Tuberculosis Bacteria Also Present in 90% of Those with Symptoms, Who Are Not Diagnosed with TB

Mycobacterium tuberculosis (Mtb), the bacteria that causes a tuberculosis infection, is present in exhaled breath of 90% of those presenting with suspected tuberculosis. This includes those who were negative on conventional sputum testing and not diagnosed with TB. This raises the possibility that those who have tested negative may be unknowingly transmitting the infection. Researchers from the University of Cape Town and Amsterdam UMC analysed results from over 100 patients who presented themselves to clinics in South Africa. These findings are published today in PNAS.

“If someone carries Mtb in their respiratory tract, this may also mean they can spread it. Therefore, since these results suggest a much broader range of people transmitting TB than previously recognised, there are significant implications for public health interventions designed to interrupt transmission.” says Ben Patterson, external Ph.D. candidate at Amsterdam UMC and the Amsterdam Institute for Global Health and Development.

Participants in the study attended two community clinics in the south-west of Cape Town before being either diagnosed with TB, or not. Subsequently, aerosol samples were collected in a community-based dedicated TB aerobiology lab using a novel method optimised to find low concentrations of Mtb. These samples were then used to detect the presence of Mtb, finding it in the samples given by 90% of patients, including those that had tested negative by sputum for tuberculosis.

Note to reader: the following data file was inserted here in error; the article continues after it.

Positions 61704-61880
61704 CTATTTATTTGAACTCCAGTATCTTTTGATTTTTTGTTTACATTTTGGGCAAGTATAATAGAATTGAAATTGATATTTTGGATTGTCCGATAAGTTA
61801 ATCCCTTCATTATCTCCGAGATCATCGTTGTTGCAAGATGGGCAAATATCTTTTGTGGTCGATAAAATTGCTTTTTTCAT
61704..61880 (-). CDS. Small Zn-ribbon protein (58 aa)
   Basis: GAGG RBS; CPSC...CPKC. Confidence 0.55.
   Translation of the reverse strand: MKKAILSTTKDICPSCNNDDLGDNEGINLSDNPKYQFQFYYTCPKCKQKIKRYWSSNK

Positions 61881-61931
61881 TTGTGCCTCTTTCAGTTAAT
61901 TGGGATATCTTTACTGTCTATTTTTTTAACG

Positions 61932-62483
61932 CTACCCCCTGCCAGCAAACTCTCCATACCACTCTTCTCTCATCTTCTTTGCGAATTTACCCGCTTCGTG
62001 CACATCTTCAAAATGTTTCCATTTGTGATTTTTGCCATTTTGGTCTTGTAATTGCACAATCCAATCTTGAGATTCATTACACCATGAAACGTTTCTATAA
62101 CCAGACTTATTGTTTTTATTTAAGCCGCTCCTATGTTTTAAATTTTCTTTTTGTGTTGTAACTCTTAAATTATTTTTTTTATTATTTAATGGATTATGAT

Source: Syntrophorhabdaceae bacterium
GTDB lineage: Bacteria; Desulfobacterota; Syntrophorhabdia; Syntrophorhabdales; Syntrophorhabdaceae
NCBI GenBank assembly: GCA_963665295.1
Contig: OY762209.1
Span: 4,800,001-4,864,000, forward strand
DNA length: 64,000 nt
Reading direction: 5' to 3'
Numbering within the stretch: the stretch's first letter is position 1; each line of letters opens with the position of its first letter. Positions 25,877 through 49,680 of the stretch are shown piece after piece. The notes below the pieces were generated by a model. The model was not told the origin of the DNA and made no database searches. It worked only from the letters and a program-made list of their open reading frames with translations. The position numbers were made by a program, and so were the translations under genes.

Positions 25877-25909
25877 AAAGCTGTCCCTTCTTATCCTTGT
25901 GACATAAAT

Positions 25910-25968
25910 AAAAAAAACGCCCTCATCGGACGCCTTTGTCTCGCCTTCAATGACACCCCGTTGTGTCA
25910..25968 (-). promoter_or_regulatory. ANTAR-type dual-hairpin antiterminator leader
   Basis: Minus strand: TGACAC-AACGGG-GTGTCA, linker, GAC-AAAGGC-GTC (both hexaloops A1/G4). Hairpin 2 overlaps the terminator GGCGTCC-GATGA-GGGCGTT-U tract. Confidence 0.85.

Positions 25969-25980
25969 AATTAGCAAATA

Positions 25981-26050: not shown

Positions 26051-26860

“This rather shatters the paradigm on the transmission of tuberculosis. Previously we understood that Mtb was only expelled by those who have the disease, but this study shows that also those with symptoms who test negative do this and probably spread the infection, ” says Frank Cobelens, professor of Global Health at Amsterdam UMC and senior fellow at the AIGHD.

Aerosol samplings were repeated at three separate timepoints over six months for all participants. The presence of Mtb decreased in those on treatment as well, surprisingly, as those not on treatment over this time period. Nevertheless, 20% of all participants continued to test positively for Mtb in aerosol after six months. This suggests that transmission can continue over a period longer than previously thought. Indeed, a recent study from the University of Cape Town suggests that tuberculosis could be present in the lungs for up to four years prior to the onset of symptoms.

“Together, our results indicate how complex tuberculosis is, and perhaps also why it is so difficult to eliminate tuberculosis in endemic areas. Even when public health agencies work, according to the current guidelines, effectively against symptomatic TB cases. In this sense, a revaluation of our practices is necessary,” adds Cobelens.

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